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As far as I knew for the longest time, politics was my first adult love, dominating lunch table conversations and bar mitzvah decorations, spurning my advances with the cold reality of the faraway voting age.
In high school I found the Junior State of America, a movement of like-minded political wunderkinder, made some fine friends, and learned some serious trade secrets: People need to be shepherded, too much critical thinking will get you clobbered, good politicians are usually nothing more than egomaniacal yentas.
Disillusioned as I had become, I nevertheless came to Harvard certain that the political scene was where I would make my debut. Too much of a libertine spirit to join either the Democrats or the Republicans, I set up shop at the Institute of Politics, tucked behind clinical glass doors in the central building of the Harvard Kennedy School complex. I mingled with Capitol Hill suits, ran from forum event to forum event, and spent a few years writing and editing international relations journalism at a pretty good publication. For the first time in my life, I was matched on African political obscurities and far outstripped on legislative trivia by everyone in sight.
I took seminars on British politics and Nigerian religious conflict, interviewed renowned experts, and collected a list of foreign ministers I’d heard speak. Blessedly, I chose Near Eastern languages and civilizations over government and social studies, but it was a close call. But what I gained in immersion, I lost in new perspective—when I dredged up insights from my jaunts into psychology and artificial intelligence, my immediate peers, convinced that politics’ outer bounds were 18th century philosophy and 20th century economic theory, appeared to be at a loss.
In 2010, I once noted to myself that I could never imagine studying either English or computer science—that I was a man made for the middle disciplines, as it were. Post-thesis and post-concentration, I’m reminded by my new freedom of the deep resonance of both poetry and artificial intelligence with my curiosity—and have begun to imagine alternate universes of inspiration and companionship that I passed by, deluded into believing that politicos were the big thinkers among our lot. After swimming for years among acquaintances who sacrificed their talents at the altar of Party X or Party Y (dull authoritarian bands, both of them) or the sclerotic culture of the Beltway, I found politics more foreign than I’d ever known.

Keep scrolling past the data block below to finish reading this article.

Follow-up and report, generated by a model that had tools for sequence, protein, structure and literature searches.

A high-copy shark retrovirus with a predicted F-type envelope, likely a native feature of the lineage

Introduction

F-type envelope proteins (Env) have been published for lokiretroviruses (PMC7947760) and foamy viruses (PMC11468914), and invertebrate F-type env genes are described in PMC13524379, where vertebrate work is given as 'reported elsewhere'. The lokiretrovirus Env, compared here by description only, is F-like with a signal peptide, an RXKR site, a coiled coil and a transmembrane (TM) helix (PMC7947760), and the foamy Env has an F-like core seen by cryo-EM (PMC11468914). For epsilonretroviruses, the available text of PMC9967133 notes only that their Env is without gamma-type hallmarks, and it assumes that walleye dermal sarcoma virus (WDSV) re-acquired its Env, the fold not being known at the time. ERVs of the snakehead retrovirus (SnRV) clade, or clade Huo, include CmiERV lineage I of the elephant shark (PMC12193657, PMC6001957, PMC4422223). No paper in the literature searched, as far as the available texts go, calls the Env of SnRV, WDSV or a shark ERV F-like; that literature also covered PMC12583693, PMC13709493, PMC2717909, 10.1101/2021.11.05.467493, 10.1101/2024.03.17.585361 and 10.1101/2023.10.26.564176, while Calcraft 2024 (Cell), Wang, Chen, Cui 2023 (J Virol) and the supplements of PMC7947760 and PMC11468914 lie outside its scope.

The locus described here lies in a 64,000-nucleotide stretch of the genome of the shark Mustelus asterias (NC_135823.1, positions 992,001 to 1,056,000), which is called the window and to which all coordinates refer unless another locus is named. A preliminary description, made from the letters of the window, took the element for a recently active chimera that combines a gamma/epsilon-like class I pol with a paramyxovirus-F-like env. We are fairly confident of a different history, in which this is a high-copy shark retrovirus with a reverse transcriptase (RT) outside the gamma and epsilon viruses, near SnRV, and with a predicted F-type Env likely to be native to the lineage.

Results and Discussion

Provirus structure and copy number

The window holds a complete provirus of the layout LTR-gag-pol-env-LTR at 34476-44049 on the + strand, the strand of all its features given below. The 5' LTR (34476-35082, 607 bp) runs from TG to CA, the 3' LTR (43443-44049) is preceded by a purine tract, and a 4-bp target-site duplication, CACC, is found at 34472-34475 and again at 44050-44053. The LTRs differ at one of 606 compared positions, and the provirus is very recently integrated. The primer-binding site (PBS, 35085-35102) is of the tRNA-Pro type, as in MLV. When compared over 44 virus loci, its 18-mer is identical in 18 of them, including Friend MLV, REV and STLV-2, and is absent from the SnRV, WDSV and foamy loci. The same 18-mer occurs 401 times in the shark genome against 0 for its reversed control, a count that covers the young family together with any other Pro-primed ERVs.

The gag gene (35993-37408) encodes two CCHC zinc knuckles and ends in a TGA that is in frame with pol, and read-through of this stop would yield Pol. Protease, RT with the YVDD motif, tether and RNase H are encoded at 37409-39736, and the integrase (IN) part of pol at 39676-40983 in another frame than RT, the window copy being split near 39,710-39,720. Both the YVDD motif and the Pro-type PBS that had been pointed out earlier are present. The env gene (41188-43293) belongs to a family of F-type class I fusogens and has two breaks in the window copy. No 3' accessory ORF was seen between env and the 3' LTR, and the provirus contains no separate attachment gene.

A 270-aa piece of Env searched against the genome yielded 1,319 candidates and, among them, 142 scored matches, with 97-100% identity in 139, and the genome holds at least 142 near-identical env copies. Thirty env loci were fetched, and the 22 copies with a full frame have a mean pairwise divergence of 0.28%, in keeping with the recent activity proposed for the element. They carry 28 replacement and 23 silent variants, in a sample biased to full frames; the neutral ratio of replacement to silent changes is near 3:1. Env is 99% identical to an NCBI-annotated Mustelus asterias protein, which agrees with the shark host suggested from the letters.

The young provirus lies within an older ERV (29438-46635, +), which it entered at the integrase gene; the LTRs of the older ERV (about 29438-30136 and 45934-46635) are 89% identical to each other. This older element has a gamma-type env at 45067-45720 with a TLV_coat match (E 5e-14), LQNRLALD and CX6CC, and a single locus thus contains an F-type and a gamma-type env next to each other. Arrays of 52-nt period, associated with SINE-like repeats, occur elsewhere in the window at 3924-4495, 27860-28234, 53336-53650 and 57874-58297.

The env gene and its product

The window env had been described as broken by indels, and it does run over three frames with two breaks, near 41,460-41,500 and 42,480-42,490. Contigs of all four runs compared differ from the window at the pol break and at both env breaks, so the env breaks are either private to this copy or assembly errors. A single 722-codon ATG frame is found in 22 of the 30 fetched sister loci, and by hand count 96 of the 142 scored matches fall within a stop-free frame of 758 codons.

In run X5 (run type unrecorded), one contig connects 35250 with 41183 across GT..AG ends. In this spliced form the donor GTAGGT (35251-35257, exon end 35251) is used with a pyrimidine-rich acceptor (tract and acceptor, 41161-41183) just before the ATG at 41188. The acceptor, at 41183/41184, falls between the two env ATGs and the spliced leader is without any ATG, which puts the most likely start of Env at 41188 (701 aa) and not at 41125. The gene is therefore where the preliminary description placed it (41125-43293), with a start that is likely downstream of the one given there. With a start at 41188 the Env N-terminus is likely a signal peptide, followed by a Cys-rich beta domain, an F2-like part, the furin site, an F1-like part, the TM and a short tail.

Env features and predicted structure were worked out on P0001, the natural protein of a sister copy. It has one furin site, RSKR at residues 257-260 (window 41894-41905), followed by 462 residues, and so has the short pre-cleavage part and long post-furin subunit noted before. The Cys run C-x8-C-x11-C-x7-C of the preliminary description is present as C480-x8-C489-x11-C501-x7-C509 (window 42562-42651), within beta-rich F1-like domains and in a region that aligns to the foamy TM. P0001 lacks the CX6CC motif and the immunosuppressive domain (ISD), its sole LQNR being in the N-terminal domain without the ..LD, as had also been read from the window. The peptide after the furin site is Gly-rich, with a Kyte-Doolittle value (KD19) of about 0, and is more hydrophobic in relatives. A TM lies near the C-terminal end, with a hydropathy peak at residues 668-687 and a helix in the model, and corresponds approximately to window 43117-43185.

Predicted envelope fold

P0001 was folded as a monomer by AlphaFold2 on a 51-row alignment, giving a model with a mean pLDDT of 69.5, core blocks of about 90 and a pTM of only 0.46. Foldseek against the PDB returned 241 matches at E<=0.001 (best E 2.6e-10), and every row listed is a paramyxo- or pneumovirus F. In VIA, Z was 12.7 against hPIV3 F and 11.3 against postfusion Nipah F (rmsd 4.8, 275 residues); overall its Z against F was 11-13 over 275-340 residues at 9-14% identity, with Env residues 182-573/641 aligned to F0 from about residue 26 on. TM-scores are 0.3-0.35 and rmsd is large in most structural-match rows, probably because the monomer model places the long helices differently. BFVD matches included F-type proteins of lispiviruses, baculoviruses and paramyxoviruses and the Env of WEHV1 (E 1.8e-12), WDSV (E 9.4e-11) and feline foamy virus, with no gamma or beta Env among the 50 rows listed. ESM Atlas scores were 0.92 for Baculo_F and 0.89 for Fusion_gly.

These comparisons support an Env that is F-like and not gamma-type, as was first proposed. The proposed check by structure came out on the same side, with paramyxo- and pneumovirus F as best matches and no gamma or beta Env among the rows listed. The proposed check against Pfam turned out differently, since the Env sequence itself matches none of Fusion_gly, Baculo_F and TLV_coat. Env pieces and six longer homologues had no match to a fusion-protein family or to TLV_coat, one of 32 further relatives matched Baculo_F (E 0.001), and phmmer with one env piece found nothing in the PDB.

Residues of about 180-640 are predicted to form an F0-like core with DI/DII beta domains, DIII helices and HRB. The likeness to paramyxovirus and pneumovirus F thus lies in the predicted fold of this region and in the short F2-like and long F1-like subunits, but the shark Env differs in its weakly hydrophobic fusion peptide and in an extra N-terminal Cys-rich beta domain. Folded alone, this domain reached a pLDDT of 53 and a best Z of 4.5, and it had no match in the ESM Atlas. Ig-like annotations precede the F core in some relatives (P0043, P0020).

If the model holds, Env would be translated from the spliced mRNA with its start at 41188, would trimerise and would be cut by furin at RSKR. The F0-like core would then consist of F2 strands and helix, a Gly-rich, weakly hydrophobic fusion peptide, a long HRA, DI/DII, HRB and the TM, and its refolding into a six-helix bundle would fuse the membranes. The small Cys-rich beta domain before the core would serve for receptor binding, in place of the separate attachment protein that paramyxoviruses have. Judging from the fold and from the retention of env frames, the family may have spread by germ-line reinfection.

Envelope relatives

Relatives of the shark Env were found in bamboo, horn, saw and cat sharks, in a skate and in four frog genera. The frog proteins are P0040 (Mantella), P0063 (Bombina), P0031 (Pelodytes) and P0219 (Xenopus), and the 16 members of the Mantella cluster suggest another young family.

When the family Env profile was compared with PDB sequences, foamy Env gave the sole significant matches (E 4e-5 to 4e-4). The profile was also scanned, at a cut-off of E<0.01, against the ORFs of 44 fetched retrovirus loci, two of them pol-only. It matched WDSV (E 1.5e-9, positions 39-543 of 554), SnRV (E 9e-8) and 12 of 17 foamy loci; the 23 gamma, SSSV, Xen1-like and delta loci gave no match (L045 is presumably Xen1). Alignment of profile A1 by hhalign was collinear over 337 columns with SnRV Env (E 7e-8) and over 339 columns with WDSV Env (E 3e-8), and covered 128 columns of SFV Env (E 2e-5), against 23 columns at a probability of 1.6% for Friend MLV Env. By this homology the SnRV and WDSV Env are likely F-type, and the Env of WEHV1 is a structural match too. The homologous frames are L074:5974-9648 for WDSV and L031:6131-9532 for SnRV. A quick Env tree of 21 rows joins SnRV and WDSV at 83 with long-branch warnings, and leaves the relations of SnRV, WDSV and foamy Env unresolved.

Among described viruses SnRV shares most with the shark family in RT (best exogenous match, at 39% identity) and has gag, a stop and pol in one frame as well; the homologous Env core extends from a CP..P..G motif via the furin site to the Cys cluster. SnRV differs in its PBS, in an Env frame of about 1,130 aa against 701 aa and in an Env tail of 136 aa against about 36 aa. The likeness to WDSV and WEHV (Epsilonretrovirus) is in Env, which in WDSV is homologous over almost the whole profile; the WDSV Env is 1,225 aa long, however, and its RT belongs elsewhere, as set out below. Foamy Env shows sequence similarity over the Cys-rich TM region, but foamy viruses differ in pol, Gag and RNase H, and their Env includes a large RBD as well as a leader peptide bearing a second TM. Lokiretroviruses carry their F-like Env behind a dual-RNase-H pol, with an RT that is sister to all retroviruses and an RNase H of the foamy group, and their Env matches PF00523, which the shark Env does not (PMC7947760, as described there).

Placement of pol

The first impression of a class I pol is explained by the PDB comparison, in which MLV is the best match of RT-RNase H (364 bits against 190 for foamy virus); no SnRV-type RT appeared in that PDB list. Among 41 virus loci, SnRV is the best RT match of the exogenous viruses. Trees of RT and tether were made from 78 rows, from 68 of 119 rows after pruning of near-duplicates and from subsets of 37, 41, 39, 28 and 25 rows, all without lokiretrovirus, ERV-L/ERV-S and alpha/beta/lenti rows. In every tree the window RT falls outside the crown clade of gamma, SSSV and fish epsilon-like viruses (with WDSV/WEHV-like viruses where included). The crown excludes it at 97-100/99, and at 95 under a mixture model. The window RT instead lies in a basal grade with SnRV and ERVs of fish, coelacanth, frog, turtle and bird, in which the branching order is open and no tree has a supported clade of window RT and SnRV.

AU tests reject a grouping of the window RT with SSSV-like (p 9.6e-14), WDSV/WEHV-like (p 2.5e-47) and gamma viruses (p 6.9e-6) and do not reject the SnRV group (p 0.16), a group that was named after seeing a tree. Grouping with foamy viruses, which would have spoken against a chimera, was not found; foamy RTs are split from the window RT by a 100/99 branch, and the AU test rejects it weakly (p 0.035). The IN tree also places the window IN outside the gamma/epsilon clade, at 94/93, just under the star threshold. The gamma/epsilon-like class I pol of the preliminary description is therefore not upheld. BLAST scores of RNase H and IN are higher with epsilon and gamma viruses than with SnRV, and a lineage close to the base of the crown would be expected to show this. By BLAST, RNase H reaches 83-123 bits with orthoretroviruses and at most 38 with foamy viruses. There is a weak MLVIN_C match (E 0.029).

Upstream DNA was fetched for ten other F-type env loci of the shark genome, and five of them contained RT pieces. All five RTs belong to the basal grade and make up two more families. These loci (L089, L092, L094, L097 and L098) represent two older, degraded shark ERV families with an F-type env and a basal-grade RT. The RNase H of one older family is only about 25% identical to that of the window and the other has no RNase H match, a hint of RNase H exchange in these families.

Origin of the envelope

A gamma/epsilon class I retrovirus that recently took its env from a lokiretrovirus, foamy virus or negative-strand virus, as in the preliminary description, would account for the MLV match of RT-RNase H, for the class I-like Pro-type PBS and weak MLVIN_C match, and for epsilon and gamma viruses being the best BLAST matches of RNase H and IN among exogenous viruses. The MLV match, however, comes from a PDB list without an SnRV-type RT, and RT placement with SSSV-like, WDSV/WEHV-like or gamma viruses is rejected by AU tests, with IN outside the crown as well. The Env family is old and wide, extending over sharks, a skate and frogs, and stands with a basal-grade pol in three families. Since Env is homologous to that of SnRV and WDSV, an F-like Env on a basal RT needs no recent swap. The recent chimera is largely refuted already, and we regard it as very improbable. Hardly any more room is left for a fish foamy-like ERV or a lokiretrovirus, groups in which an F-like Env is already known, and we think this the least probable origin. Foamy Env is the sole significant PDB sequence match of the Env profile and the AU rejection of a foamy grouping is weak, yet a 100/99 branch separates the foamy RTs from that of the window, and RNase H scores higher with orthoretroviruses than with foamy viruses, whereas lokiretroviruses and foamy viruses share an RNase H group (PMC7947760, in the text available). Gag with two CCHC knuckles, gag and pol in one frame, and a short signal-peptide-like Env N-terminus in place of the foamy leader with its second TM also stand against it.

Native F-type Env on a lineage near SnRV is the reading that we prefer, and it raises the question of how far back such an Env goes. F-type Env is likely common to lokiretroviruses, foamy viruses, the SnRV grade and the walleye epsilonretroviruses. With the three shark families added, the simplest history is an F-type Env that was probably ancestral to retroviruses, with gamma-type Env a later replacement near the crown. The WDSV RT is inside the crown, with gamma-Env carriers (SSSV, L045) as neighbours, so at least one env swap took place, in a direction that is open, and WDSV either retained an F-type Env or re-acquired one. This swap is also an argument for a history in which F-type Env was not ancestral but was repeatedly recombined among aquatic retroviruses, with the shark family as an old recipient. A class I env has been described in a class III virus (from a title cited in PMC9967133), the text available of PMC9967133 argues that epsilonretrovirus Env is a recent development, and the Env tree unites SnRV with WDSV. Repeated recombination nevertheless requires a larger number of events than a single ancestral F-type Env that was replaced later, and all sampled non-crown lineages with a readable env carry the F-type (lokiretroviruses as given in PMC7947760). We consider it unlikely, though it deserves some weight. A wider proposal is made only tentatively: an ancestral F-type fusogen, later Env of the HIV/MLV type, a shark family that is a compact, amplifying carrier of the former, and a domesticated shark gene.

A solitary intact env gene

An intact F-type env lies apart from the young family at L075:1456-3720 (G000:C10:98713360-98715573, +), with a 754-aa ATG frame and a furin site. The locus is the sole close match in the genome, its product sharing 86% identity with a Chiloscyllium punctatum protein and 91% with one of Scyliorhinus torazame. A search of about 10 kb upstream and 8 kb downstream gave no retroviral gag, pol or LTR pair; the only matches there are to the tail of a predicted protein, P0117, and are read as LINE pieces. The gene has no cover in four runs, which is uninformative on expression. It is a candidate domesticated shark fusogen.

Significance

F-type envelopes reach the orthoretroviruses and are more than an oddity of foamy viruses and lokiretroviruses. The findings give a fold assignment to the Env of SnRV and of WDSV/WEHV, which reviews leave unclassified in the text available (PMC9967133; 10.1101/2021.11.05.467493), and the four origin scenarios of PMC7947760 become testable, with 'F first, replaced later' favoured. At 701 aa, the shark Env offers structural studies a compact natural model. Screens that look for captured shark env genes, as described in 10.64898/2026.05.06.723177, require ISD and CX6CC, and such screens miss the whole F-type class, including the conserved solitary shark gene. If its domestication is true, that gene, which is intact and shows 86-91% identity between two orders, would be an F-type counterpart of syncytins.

Since my first brushes with metaphysics in 11th grade philosophy class—the same year I said goodbye to the Abrahamic—I have been consumed by a need to question fundamental assumptions about reality, consciousness, the self, political economy, history, and the like. I doubt that I was born with extreme open-mindedness, but it has become my one and only rallying cry. And for what it’s worth, the team of campus liberals who preach it appear to be no less hidebound than their conservative rivals. Genuine open-mindedness about social paradigms has taken up new residence since the days of Locke and Rousseau—in the worlds of technology, cognitive science, and poetry, I would venture—and has left seekers of understanding in the political realm stranded and ostracized. Had I invested more times in these circles earlier, I imagine I’d be exiting Harvard a much more profoundly changed thinker.
This is not to say I have lost everything of my former self: I have spent my last two columns flying the realist banner over Kiev, and I just completed a thesis about—just guess—Israeli political history. I remain musical with difficult questions in international politics because I revel in difficult questions—but I suspect the answers lie in the world of interdisciplinary cross-pollination, most accessible to curious folks well-trained in the quantitative and hard sciences. I once bought into the feel-good canard that what you studied as an undergrad didn’t really matter—but four years later, I have a revision to offer for those coming after me: Study something that teaches you to think in new and unintuitive ways, and immerse yourself in like circles.
Ditch gov; challenge yourself with CS.
And Arabic can stay, but I’m quite biased.
Joshua B. Lipson '14, a Crimson editorial writer, is a Near Eastern languages and civilizations concentrator in Winthrop House. His column appears on alternate Wednesdays.
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